The Raven
by Edgar Allan Poe

 Church Going
by Philip Larkin

 Frost at Midnight
by Samuel Coleridge

 I sit & look out
by Walt Whitman

 The Lady of Shallot
by Alfred Lord Tennyson

 Telephone Conversation
by Wole Soyinka

 Going Places
by A.R. Barton

 Village Cricket Match
by A. G. Macdonell

 The Night Train at Deoli
by Ruskin Bond

 Growing Up
by Joyce Cary

 The Castaway
by Rabindranath Tagore

Page 2

Lady of Shallot
-by Alfred Lord Tennyson

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(Continued from Page 1)

The appearance of Sir Lancelot-one of the most courageous knights of King Arthur has been portrayed by the poet in a remarkable manner through brilliant imageries. The flashing image of Sir Lancelot is in stark contrast to the grey and dull image of the Lady of Shallot.
He came through the barley fields proceeding towards Camelot, glazing and dazzling, every bit of his polished brazen armour shone in the sunshine. The poet says that the glittering image of the bridle encrusted with gems, seemed like the Milky Way galaxy. His bugle clanged against the armour while the bells rang merrily, symbolizing his cheerful mood. His helmet and the feather on it flashed like fire as he passed her window. On his sparkling shield, was a carving of a knight kneeling before a young Lady.

His broad clear brow in sunlight glow'd;
On burnish'd hooves his war-horse trode;
From underneath his helmet flow'd
His coal-black curls as on he rode.

He galloped alongside the remote island of Shallot in the clear blue sky. The shining jewels on his saddle and his entire brilliant image made him look like a meteor in the evening sky.
The lady of Shallot became completely spell-bound and captivated by the electrifying appearance of Sir Lancelot and fell in love with him at the first sight. She could no longer restrain herself and leaving her web and loom, took three steps to look down straight at Camelot.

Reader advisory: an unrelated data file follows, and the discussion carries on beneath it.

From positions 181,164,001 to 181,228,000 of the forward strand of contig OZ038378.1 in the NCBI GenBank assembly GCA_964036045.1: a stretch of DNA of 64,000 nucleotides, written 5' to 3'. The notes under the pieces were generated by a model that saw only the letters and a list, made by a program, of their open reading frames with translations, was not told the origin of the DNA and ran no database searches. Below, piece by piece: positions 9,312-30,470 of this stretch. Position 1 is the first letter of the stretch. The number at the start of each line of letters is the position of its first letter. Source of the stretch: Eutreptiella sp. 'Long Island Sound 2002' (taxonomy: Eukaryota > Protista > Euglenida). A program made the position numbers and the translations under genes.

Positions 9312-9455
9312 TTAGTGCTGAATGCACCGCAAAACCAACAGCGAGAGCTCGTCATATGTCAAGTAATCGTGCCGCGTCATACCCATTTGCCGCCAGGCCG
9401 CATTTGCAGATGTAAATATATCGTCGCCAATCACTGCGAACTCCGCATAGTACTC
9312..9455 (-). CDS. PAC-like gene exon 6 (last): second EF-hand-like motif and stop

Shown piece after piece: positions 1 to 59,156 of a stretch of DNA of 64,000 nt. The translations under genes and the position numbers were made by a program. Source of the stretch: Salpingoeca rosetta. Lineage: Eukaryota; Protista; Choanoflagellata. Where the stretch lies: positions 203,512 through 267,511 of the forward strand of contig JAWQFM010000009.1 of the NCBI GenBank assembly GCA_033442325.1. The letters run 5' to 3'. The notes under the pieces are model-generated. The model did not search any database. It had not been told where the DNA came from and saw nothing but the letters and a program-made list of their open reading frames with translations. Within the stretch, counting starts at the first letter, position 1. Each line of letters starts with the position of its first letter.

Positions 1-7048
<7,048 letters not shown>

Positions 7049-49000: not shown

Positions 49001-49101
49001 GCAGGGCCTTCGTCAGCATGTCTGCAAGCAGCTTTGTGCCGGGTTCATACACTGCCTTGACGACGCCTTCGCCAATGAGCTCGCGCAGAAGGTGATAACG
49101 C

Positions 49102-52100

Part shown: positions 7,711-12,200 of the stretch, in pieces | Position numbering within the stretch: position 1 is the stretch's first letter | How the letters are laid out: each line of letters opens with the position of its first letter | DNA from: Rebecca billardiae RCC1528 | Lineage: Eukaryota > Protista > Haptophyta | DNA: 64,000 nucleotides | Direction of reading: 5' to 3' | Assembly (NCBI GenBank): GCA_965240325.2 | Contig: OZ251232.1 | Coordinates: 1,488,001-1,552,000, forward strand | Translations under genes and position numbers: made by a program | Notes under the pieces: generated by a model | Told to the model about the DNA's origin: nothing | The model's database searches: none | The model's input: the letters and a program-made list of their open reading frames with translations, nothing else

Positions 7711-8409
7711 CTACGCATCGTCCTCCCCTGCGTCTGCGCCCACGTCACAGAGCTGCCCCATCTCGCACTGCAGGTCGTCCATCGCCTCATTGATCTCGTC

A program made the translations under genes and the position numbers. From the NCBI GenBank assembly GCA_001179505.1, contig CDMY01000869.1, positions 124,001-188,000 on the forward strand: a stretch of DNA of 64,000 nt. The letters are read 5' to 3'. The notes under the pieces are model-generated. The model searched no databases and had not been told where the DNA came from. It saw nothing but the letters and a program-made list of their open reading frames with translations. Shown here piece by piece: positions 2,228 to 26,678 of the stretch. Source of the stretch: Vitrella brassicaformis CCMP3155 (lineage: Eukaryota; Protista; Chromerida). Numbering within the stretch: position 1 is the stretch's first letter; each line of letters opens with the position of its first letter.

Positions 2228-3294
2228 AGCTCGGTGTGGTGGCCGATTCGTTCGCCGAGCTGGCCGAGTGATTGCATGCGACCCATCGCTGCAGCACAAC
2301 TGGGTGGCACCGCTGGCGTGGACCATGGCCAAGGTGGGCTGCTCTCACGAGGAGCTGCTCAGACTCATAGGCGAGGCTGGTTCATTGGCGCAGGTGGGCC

Out flew the web and floated wide;
The mirror crack'd from side to side;
'The curse is come upon me' cried
The Lady of Shallot.

The poet now uses sharp short sentences to show some action in her inactive life and brings out the tragedy of the curse effectively. The bright colours of the previous stanzas become dark and ominous while the atmosphere abruptly changes to one of gloom and mourning. The woods turned pale and weary in the storm that had started all of a sudden and the east wind struggling hard against it. The skies broke out in rain and storm and the river too began to moan, as if complaining against the sudden change.

Like some bold seer in a trance,
Seeing all his own mischance.

The poet says that the lady of shallot was completely aware of her impending doom and just as a prophet or a man endowed with wisdom and vision foresees his own misfortune gradually approaching him but never loses his courage, the lady of Shallot too knew the source of her all her disaster and kept gazing at Camelot in a trance. She descended from her tower and found a boat and loosening the chain she lay in it. The currents moved it slowly towards Camelot while the lady of Shallot, dressed in a loose snowy white gown, sung her last song- a soft, low and mournful tune. As the boat floated between the hills covered with willow trees and fields, her body gradually froze and the lady finally died even before reaching the first house on the shore of Camelot. The boat carrying her shinning dead body continued to float near the towers, galleries and garden walls of the city, finally reaching the royal feast.

Out upon the wharfs they came,
Knight and Burgher, Lord and Dame,
And around the prow they read her name,
The Lady of Shallot.

The poem ironically ends with an atmosphere enveloped with silence, sorrow and curiosity as Sir Lancelot, who was also present at the banquet, remarking rather casually-

"She had a lovely face;
God in his mercy lend her grace,
The Lady of Shallot"

Oblivious to the truth that he had been the prime cause for her death.

Page 2

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